Slocumb had come to Boston in a trade with the Phillies in a 1996 preseason deal. He was coming off a breakout 32-save season with Philadelphia just one year after his 27-year-old high school sweetheart wife had died from cancer, leaving him with two young daughters. The pitcher used his grief and parental responsibility as a motivator and became one of the more effective closers in baseball. When he saved 31 more games during his first season in Boston, it did look as if he was on the cusp of a great career. Than a horrible start to the ’96 season combined with Seattle’s refusal to part with a pitcher who never made it, changed the course of baseball history for fans in Boston and maybe those in Seattle too.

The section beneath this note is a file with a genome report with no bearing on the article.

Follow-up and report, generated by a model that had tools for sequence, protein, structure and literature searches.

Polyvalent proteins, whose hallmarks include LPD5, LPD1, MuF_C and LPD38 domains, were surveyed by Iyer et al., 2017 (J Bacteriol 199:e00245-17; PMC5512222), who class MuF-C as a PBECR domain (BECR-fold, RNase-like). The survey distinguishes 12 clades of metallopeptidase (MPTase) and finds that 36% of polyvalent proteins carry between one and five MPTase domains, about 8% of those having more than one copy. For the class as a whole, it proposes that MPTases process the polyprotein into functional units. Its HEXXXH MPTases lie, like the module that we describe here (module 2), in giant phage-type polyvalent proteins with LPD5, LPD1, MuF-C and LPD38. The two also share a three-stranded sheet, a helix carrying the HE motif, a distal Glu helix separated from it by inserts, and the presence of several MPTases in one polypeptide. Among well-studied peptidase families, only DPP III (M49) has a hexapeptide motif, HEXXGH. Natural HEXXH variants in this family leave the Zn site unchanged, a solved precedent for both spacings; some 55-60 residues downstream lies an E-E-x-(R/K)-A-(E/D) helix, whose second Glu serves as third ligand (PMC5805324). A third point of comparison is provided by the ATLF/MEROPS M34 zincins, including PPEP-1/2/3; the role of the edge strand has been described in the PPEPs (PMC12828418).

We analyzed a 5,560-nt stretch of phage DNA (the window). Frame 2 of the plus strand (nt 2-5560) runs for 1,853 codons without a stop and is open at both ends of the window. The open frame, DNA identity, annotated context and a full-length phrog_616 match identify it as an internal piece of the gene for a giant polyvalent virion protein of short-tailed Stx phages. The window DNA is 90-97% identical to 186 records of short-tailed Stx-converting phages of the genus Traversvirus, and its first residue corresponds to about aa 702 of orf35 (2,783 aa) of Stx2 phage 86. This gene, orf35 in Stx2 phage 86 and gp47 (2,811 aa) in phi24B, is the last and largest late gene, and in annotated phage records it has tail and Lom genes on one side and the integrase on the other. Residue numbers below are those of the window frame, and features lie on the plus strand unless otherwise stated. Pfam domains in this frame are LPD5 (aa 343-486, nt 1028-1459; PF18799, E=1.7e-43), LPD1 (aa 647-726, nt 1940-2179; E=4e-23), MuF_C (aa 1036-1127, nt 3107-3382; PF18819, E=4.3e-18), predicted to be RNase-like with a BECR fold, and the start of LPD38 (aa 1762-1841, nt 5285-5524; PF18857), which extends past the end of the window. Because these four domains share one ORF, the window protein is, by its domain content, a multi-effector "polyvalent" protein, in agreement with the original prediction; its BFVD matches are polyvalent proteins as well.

When you look at the overall team and individual player stats for the 2013 Red Sox season, its pretty amazing that nothing jumps out at you as particularly spectacular. You’d think that a team that went from 69 victories and last place during the 2012 season to 97 wins, a Division crown and a World Championship a year later would have a couple of hitters in their starting lineup who had spectacular seasons or at least one 20-game winner in their rotation. Not the 2013 Red Sox. They truly had a team that won as a team, with everybody doing a good enough job to more often then not, outscore the competition. There’s no doubt that getting rid of Bobby Valentine’s toxic “divide and conquer” management style and replacing it with the much more harmonizing leadership of John Farrell, was a huge positive. But face it, with David Ortiz leading the team with just 103 RBIs and Jon Lester the only Red Sox starter to win as many as 15 games, its really difficult to point to one player who was indispensable….well not that difficult.